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The Land of The Lost


The theory Wilfrid had formed led him early the following morning to the hotel, intent on testing its worth by the first means that occurred. Hugh, Jess, and half a dozen others, including the Earl of Baringbroke, who, with characteristic good nature, had returned from the Bay on hearing of Bart's disappearance, had meanwhile resumed the search with an energy and thoroughness that seemed to promise success.

Wilfrid pulled up in front of the verandah, his eye scanning the building with an interest it had never hitherto possessed for him. The innkeeper's name in white letters over the door drew more than a passing glance, and he was still thinking of it when he entered the bar.

He found two persons present in addition to Upmore. One was a freckled man with red skin and hair so light in colour as to appear almost white; the other was a big, ungainly fellow with a long neck surmounted by a small head. They were both more or less grimed from working in the track of the fire, and the face of the bigger man was swollen and discoloured as though from some severe pugilistic encounter. They gazed doubtfully and even suspiciously at Wilfrid as he entered, and the conversation he had heard in full swing while outside came to an abrupt cessation.

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"Good day, gentlemen," said Wilfrid, looking smilingly round the group."A charming day."

The freckled man spat viciously on the floor, and was understood to make some reference to the weather of a depreciatory character.

Wilfrid, with unabated good humour, turned to Upmore, still keeping the corner of an eye on the men on the seat.

"I have looked in," he said easily, "in connection with the disappearance of this man they call 'Bart.'"

"What about him?" Upmore asked.

"It is feared he may have been caught in the fire some time during the night before last, and it is proposed to make an exhaustive search of the field."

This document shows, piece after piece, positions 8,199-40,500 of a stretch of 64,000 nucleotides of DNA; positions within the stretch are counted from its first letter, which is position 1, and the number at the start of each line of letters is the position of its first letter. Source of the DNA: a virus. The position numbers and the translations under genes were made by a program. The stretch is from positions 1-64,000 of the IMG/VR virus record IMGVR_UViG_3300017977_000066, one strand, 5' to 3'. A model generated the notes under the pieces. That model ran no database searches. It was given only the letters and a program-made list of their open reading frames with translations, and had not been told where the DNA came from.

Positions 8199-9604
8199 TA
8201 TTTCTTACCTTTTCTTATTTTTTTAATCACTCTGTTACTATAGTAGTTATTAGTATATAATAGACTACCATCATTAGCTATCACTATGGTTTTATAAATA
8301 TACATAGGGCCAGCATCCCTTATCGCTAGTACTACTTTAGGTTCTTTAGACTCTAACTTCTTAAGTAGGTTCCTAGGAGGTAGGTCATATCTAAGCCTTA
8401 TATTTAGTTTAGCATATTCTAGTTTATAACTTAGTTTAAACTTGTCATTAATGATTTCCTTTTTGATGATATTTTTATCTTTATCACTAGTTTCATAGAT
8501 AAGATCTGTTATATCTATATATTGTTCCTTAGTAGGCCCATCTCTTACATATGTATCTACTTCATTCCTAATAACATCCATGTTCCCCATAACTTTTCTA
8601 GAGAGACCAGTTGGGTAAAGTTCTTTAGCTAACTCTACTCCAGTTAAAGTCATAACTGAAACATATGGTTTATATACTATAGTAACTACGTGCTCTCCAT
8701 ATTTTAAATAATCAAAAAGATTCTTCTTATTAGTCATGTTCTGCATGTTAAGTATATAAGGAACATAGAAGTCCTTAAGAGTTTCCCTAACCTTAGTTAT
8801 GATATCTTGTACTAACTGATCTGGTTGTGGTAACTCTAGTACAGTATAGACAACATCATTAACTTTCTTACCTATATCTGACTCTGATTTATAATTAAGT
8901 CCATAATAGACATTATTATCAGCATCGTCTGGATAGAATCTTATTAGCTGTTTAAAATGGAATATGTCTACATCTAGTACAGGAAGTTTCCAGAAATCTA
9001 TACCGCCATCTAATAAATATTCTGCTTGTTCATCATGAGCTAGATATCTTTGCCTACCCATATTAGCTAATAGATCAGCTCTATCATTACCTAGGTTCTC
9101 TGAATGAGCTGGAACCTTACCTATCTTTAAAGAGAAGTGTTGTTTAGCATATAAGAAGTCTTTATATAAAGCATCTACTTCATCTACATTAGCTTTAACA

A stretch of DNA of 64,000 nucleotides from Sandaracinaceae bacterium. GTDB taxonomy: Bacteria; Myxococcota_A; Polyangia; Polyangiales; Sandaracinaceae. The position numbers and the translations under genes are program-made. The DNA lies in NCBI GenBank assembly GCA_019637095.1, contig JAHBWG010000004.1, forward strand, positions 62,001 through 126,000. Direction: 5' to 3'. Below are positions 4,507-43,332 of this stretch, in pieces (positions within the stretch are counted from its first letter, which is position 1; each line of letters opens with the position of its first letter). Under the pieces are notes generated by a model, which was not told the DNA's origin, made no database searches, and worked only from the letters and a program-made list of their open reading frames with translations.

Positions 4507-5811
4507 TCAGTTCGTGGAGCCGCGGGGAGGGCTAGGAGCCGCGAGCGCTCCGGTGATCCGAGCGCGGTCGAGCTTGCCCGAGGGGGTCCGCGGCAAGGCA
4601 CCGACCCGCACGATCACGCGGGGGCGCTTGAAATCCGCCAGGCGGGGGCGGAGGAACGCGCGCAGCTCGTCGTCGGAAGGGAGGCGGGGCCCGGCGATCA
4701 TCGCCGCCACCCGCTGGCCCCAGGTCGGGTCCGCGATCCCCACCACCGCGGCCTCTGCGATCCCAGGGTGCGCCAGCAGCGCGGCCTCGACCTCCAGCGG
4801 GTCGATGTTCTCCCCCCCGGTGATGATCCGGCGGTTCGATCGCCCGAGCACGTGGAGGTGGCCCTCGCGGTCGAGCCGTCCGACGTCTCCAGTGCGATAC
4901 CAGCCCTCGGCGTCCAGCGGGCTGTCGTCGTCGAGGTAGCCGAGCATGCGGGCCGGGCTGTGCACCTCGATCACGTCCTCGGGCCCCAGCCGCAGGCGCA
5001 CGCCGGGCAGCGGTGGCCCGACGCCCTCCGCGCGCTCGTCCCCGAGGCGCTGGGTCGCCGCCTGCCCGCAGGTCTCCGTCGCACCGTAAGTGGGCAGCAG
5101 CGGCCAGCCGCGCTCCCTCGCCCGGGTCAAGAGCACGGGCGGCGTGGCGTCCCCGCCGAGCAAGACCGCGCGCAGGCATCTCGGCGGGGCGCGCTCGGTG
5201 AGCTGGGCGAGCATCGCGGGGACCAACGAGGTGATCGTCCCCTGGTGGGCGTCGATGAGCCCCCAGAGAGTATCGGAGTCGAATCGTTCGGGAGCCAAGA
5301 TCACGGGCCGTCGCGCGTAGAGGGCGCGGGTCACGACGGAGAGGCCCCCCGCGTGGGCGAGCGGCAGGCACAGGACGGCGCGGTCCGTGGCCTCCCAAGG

"Well, you'll find the field outside," said the innkeeper, indicating the doorway.

"Blow me," said the big man, chuckling, "if that ain't a good un."

"In order that the search may be pursued with additional energy," Wilfrid continued, fixing a smiling gaze on the last speaker, "I am commissioned by his lordship the Earl of Baringbroke to offer a reward of a hundred pounds for such information as may lead to the discovery of the missing man or of his body."

There was a silence that appeared to be filled in with reflection. Wilfrid noticed a momentary gleam of cunning in the eyes of the freckled man, and he made a mental note of it for future use. Then he turned to Upmore.

"I have a notice here to the effect I have stated, which it is proposed, with your permission, to fasten up in a conspicuous position on the verandah."

"Don't trouble to ask my permission," Upmore replied. "Placard the house all round if you feel the page 277least inclination to do so. I am merely here, it seems, for the convenience of the public."

"Thank you," said Wilfrid feelingly. "I felt sure of your co-operation. This is the notice. We are having a few copies struck off in type, and they will no doubt be here some time during the day or to-morrow."

"Read 'er out, boss," said the big man. "Let's 'ear what she says."

Wilfrid spread the copy out on the counter, and read as follows:—